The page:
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Elias Bryan Moore was a Civil War veteran and a local and state Democratic Party leader. He was also a newspaperman for much of his life. In 1884, he was elected to the office of Arkansas’s secretary of state, his only statewide elected office. He served two terms in that position.
Elias Moore was born on January 23, 1842, in Sparta, Tennessee, one of nine children of William Ward Moore and Isabella Bryan Moore. In 1858, the family relocated to Fayetteville (Washington County), where his father, a tailor, operated a store and a sawmill.
As a youth, he attended the schools of Sparta and area private schools. While in Fayetteville in 1859, Moore apprenticed as a compositor (or typesetter) for the Arkansian newspaper. The following year, he was appointed as postmaster of Fayetteville by President James Buchannan; he also served in that position when Arkansas joined the Confederacy. In June 1860, he started the Fayetteville Democrat with his two brothers.
As a staunch Democrat, Moore supported Stephen Douglas for president in 1860. When the Civil War broke out, he enlisted in Gratiot’s Regiment Arkansas State Troops (Third Arkansas State Regiment). In August 1861, during the Battle of Wilson’s Creek in Missouri, he was wounded in the right thigh. He returned to Fayetteville to recover. The wound plagued him for the rest of his life.
By 1863, he returned to military service as a partisan ranger with Captain Palmer’s company and served with that unit for about ten months. He participated in the 1863 Action at Fayetteville. He aggravated his old wound and soon took another leave. After spending about four months with his family in southern Arkansas and Texas, he returned to Arkansas and joined Colonel Gunter’s Cavalry, serving the rest of the war with Cabell’s Brigade. By the time of his surrender at the end of the war in Marshall, Texas, he had attained the rank of colonel.
After the war, he and his family returned to Fayetteville. He soon pursued a business career selling goods in the Choctaw Nation and trading in cattle. In August 1868, he, his brothers, and his father reestablished the Fayetteville Democrat. Moore served as editor of the paper until 1884. As editor, he supported the development of Arkansas Industrial University (now the University of Arkansas) and railroad construction. Moore was also a member of several fraternal groups, including the Odd Fellows, Knights of Honor, and Knights of Pythias. He was chosen the Odd Fellows Grand Master of the State in 1878.
Moore married Emma Jane North in Fayetteville on February 9, 1869. They had two sons and two daughters. She died in 1890.
Moore served in a variety of elected and appointed positions, including as a Fayetteville alderman for three years in the late 1870s. He was a delegate to the Democratic state convention in 1874, 1876, 1878, and 1880. In 1877, Governor William Read Miller commissioned him in the state militia as a captain; he later became a lieutenant colonel. Moore served in the Arkansas General Assembly for three terms, being first elected to the House of Representatives in 1878 from Washington County. As a state legislator, he chaired the Committee on Retrenchment and Reform and drafted a law classifying state printing and opening state contracts to statewide bidding. On several occasions, Moore acted as speaker of the house.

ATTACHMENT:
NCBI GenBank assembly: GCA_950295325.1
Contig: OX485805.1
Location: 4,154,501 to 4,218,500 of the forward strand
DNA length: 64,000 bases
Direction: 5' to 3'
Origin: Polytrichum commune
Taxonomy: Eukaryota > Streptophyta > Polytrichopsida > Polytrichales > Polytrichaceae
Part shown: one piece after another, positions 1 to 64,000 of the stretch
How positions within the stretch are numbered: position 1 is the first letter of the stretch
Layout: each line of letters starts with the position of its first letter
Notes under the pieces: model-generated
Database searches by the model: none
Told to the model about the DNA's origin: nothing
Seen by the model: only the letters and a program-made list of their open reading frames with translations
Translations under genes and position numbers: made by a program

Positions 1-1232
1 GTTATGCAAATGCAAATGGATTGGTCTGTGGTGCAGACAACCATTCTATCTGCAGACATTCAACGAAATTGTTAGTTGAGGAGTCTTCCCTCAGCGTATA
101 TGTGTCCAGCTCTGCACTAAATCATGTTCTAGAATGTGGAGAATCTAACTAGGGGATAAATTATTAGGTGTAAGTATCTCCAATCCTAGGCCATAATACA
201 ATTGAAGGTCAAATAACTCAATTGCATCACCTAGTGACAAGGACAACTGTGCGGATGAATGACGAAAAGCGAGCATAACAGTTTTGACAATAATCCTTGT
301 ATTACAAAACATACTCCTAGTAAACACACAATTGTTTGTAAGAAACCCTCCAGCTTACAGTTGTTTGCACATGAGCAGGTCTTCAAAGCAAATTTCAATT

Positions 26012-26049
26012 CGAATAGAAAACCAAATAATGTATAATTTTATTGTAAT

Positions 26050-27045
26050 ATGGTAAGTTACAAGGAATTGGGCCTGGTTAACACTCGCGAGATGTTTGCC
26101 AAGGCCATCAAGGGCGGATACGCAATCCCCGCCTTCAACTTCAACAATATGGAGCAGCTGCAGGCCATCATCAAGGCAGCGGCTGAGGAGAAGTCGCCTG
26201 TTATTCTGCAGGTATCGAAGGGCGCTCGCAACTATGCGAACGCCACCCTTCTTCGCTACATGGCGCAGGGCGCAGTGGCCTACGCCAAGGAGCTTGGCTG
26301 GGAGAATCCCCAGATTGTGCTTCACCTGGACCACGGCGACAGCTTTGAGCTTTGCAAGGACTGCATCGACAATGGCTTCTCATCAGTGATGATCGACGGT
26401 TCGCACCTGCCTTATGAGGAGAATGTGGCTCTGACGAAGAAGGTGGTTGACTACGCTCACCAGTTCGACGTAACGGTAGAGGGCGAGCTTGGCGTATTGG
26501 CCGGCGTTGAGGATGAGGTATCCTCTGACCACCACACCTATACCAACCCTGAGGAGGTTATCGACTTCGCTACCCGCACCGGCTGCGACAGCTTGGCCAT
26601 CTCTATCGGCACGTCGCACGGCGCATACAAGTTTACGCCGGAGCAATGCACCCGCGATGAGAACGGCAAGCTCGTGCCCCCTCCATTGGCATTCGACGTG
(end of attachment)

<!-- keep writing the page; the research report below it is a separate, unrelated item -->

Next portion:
Moore was elected as secretary of state in 1884. His greatest achievement while holding the office came during his first term when he supervised the renovation and enlargement of the deteriorating state capitol, now known as the Old State House. Moore used a state-appropriated $30,000 to remove the north portico and extend the central building north. The buildings on either side of the central building were enclosed as two-story additions. Much of the present appearance of the building came from this renovation. After serving two terms, he once again entered the business world, this time in Little Rock (Pulaski County). He served as president of the Famous Life Association and of the Arkansas Collections Detective and General Intelligence Association.
He was appointed warden of the Arkansas State Penitentiary in 1895. This appointment was brief, finding him returning to Fayetteville in 1896. With a brother, he once again entered the newspaper business, founding the Mountain City Gazette. He continued to work at the paper until his death on May 19, 1897.
Moore is buried in Evergreen Cemetery in Fayetteville.
For additional information:Campbell, William Simeon. One Hundred Years of Fayetteville, 1828–1928. Fayetteville, AR: Washington County Historical Society, 1977.
Goodspeed’s Biographical and Historical Memoirs of Central Arkansas. Chicago: Goodspeed Publishing Co., 1890.
“Our New Secretary of State.” Arkansas Gazette, January 16, 1885, p. 4.
Williams, Nancy, ed. Arkansas Biography: A Collection of Notable Lives. Fayetteville: University of Arkansas Press, 2000.
Last Updated 2/25/2017
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